A seminal moment in the development of the “Superbad” plot (with every pun intended) is the revelation that one of the protagonists is obsessed with drawing male genitalia. The scene progresses through a shameless montage of phallic artistry that effectively sums up the film as a whole: much like watching a car crash between two fertilizer trucks, “Superbad” both shocks and disgusts, yet leaves the audience absolutely spellbound. Essentially, if you can’t appreciate the humor and splendor of a picture of a human-sized penis leading a marching band down the street, you should probably not watch this movie.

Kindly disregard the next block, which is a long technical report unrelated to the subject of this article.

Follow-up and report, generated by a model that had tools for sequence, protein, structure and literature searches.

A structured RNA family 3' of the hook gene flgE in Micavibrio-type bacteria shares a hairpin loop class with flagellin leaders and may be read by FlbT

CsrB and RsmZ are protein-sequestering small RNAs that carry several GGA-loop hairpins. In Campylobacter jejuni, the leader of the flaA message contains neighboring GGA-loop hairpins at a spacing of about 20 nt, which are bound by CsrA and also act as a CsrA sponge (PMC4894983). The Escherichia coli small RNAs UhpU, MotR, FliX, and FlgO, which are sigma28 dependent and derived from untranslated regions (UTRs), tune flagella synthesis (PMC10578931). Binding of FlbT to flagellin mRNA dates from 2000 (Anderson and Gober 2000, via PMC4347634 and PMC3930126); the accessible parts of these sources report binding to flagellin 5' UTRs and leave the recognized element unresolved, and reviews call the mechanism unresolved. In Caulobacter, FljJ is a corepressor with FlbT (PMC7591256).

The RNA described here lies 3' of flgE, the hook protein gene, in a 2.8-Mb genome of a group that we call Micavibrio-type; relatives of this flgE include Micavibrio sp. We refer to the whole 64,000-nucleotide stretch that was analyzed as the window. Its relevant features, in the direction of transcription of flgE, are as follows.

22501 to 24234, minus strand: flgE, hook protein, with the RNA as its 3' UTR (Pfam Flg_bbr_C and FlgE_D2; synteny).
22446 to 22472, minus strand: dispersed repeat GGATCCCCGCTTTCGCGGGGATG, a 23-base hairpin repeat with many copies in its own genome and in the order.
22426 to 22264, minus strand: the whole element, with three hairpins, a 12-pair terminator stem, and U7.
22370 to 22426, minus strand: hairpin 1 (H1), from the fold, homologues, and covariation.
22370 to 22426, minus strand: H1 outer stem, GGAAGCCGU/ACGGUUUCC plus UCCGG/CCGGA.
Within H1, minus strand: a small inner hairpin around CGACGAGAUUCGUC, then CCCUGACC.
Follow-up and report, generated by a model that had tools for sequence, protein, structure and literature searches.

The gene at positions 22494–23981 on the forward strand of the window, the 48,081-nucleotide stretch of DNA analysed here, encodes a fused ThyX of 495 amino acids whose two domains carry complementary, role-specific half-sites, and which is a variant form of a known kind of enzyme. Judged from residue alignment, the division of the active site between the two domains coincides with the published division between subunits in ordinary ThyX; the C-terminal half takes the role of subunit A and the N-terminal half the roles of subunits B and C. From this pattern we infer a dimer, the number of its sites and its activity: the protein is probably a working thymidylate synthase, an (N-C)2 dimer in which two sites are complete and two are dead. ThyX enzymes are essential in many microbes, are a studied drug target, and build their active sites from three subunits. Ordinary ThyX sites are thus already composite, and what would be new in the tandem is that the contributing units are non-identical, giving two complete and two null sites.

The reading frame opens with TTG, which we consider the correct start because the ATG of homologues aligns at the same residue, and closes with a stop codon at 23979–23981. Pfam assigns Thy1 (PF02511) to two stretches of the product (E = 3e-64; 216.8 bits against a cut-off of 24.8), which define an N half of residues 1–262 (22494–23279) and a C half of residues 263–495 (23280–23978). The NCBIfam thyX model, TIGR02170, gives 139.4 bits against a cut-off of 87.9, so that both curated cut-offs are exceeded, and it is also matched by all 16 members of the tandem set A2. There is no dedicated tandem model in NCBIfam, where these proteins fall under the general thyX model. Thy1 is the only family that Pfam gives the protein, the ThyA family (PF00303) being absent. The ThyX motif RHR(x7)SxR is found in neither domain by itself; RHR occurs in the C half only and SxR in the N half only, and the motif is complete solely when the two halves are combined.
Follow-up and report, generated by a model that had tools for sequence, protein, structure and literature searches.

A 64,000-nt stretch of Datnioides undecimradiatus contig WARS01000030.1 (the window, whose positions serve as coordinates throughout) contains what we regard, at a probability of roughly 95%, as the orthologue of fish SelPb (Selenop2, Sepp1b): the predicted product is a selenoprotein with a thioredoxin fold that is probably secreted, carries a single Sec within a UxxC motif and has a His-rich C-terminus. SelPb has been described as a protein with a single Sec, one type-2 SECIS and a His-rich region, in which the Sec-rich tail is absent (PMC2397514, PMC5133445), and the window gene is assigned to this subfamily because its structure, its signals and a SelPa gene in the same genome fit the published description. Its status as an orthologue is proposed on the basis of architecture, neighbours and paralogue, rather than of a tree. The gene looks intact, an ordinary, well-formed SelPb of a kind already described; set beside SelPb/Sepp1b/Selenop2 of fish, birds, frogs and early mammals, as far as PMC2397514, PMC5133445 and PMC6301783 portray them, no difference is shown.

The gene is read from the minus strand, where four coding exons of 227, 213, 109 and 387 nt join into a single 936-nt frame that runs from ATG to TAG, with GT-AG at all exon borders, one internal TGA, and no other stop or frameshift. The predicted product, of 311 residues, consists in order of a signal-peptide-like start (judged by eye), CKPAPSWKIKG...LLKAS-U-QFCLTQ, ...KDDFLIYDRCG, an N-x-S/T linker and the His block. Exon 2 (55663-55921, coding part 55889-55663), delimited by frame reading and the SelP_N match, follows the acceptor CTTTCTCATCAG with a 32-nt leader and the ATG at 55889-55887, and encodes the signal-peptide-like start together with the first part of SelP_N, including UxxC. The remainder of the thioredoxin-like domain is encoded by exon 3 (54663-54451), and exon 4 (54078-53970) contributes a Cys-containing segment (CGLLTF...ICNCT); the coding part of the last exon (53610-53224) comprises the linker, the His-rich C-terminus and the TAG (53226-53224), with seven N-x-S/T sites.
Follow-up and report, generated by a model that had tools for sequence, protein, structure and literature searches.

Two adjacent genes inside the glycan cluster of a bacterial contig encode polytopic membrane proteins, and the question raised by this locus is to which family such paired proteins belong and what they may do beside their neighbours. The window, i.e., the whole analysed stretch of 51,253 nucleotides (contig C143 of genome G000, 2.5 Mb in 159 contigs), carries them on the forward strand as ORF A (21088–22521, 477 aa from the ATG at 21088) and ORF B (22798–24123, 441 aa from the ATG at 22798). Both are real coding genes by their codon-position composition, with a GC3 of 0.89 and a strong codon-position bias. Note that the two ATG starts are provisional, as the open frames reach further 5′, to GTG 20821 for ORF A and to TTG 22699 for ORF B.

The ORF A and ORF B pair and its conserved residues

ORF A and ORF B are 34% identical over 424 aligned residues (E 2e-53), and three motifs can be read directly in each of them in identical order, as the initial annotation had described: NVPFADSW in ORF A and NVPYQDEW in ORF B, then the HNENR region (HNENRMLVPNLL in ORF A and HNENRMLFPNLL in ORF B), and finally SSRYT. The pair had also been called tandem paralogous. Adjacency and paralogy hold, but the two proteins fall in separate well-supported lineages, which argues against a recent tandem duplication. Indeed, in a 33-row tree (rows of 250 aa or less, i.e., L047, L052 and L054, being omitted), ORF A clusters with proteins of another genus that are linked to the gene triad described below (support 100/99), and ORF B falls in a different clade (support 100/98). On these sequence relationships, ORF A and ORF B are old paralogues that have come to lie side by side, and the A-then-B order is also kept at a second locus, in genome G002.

Watching <i>Spider-Man 3</i> is like dating a hermaphrodite: no matter what you’re into, you’re bound to find something that you like. The Spider-Man franchise has been mostly based on cheesy romance and violence, and this third installment is no exception, delivering all of the 3-D panning fight scenes and life lessons that one could ever want. Throughout the film, Peter Parker/Spider-Man (Tobey Maguire) fights with his best friend Harry (James Franco), evil villains, his girlfriend Mary Jane (Kirsten Dunst), and the demons in his own soul, which, as Dr. Phil could tell you, are the hardest to excise. The Spider has obviously bitten again.